Much has been made of the bank “stress tests” which have focused on TCE (Tangible Common Equity) ratios. Top-notch bank analyst Tom Brown rightly declares the regulators’ obsession with these ratios to be “insane.” In his article on the Bankstocks blog Brown points out that the practical application of the stress test will result, not in net new capital in the system, but merely a conversion of the government’s preferred TARP stake into common, making the government a significant shareholder in these institutions. Although not explicitly noted in the piece, this will make it even harder for these institutions to ever attract real net new capital as private capital becomes increasingly wary of partnering with a capricious government shareholder.
At the end of the day, if the banking system truly needs new capital, it can: 1) simply inject more taxpayer money, 2) raise more private capital for existing institutions, 3) raise capital for new institutions, or 4) retain earnings over time. Option #1 is a political non-starter, and #2 won’t work since the government’s involvement in marginal institutions scares off capital. This leaves the possibility of #3, creating new banks , or letting existing problem banks earn their way out of trouble. The government appears to be favoring the latter — the problem is that this is a slow and painful process. Moreover, there’s a good case to be made that without being able to raise capital, operating earnings, excluding loss provisions, may not get much better — the current environment offers great spreads based on low costs of funds and lots of pricing power on the lending side — that still leaves plenty of room for profits, but maybe not profit growth over the long term, particularly if we get to the point where the Fed needs to tighten. Creating new banks is an interesting idea, but most de novo bank creation occurs at the community bank level and is inconsequential from the perspective of the entire industry. Significantly adding capital to the banking system through the creation of new entities could only occur if legislative changes ease the rules to permit the rest of corporate America into the banking arena. There seems to be little support for this — some may remember how quickly WalMart’s attempts to move in that direction were thwarted.
At the end of the day, the stress test will do nothing to enhance the position of the banking industry. The government’s new role as a large common shareholder may deter, rather than enhance the ability of troubled institutions to raise capital. This means that we will continue on the path of creating Zombie Banks, the “living dead” of the financial world, not allowed to die, but to0 weak to lend robustly.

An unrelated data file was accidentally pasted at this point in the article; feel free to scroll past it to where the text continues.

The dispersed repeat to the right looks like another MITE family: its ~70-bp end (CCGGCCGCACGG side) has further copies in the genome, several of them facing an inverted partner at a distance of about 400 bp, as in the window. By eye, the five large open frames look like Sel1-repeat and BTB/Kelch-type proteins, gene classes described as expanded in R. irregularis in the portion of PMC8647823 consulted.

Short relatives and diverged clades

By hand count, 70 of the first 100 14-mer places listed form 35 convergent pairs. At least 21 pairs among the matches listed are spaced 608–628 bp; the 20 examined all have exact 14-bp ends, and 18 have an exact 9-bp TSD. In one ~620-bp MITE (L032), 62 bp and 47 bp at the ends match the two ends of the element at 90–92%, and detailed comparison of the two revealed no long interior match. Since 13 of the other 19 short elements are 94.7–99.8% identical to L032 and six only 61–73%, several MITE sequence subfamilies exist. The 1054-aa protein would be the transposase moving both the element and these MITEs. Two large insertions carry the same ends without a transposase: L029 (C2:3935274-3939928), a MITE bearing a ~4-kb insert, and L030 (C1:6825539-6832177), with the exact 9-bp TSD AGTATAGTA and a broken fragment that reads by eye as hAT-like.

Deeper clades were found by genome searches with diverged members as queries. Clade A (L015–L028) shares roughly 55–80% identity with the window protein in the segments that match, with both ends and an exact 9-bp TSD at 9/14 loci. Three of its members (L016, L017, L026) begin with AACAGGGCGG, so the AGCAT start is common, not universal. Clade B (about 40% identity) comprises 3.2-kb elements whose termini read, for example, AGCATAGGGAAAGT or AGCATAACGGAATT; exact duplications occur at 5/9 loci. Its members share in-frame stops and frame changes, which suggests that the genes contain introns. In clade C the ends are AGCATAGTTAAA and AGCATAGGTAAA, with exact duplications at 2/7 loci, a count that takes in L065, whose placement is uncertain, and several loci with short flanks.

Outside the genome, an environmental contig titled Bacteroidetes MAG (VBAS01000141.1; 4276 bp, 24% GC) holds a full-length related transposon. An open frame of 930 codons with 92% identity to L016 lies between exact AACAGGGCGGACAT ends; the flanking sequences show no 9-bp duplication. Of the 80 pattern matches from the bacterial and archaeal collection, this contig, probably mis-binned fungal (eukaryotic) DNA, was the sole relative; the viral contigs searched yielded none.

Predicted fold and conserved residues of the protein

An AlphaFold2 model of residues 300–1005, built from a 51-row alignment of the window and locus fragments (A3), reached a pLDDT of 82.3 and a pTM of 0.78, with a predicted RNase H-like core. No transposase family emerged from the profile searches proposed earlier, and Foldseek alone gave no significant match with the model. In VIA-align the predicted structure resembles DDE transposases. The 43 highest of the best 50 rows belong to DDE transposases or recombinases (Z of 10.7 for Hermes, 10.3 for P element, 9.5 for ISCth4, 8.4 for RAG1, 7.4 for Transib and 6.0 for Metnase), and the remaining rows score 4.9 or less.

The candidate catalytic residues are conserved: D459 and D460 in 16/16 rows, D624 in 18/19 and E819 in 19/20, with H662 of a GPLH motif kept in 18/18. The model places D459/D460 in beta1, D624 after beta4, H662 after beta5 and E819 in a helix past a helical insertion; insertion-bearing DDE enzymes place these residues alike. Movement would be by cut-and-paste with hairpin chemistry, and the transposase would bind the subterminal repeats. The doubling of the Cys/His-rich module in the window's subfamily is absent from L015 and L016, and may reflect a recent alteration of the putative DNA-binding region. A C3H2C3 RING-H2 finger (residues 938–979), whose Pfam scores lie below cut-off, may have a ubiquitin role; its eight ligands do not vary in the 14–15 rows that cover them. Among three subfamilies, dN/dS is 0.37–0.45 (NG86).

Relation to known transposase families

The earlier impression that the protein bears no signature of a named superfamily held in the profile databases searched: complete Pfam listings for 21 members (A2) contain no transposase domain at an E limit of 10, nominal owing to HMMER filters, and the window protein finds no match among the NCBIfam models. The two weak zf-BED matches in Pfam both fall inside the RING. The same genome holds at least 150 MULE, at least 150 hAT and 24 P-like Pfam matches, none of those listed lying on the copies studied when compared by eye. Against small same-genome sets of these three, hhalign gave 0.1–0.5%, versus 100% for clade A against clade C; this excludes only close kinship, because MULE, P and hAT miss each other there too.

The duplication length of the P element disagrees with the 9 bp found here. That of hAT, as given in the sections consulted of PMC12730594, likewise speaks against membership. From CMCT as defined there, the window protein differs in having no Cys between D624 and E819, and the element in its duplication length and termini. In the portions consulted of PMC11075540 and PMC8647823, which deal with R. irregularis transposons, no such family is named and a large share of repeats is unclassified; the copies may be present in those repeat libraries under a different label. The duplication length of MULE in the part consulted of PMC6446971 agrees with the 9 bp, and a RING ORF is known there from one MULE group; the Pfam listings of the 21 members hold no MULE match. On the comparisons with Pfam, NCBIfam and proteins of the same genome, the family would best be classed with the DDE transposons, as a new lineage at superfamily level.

The harm of Zombie Banks goes beyond simply tying up deposits in instutions that can’t lend. Zombies hamper the stronger institutions, precluding them from growing market share or gaining pricing power. Are we truly headed down this dismal road? The Federal government is providing the lifeline that sustains the Zombies through the Temporary Liquidity Guarantee Program (TLG), which provides government backing not only to certain debt issued by banks, but critically also guarantees, without limitation, low interest bearing checking accounts. This last provision indeed prevented a run on banks by corporate treasurers, whose deposits exceeded traditional FDIC limits. Last fall this may have been necessary since there was general distrust of the whole system. I would argue that this backing is now counterproductive — let the market decide which banks deserve uninsured deposits. Perhaps this could be done in an orderly fashion by gradually limiting the protected amounts (e.g., only deposits under $5 MM are guaranteed, etc).
The unlimited deposit protections of the Temporary Liquidity Guarantee Program are due to expire on December 31. Investors should watch to see whether this “Zombie lifeline” is extended. Deadline extension alone may ultimately not be the only action — if we ever get the Fed raising rates again, the TLG’s coverage of only low-interest accounts could result in disintermediation to money market mutual funds unless the guarantees are extended to higher interest deposits. Any extension of the TLG signals that we are not yet facing the risks of Zombie Banks. As long as these Zombie Banks walk among us, the prospects for robust economic growth remain dim and distant.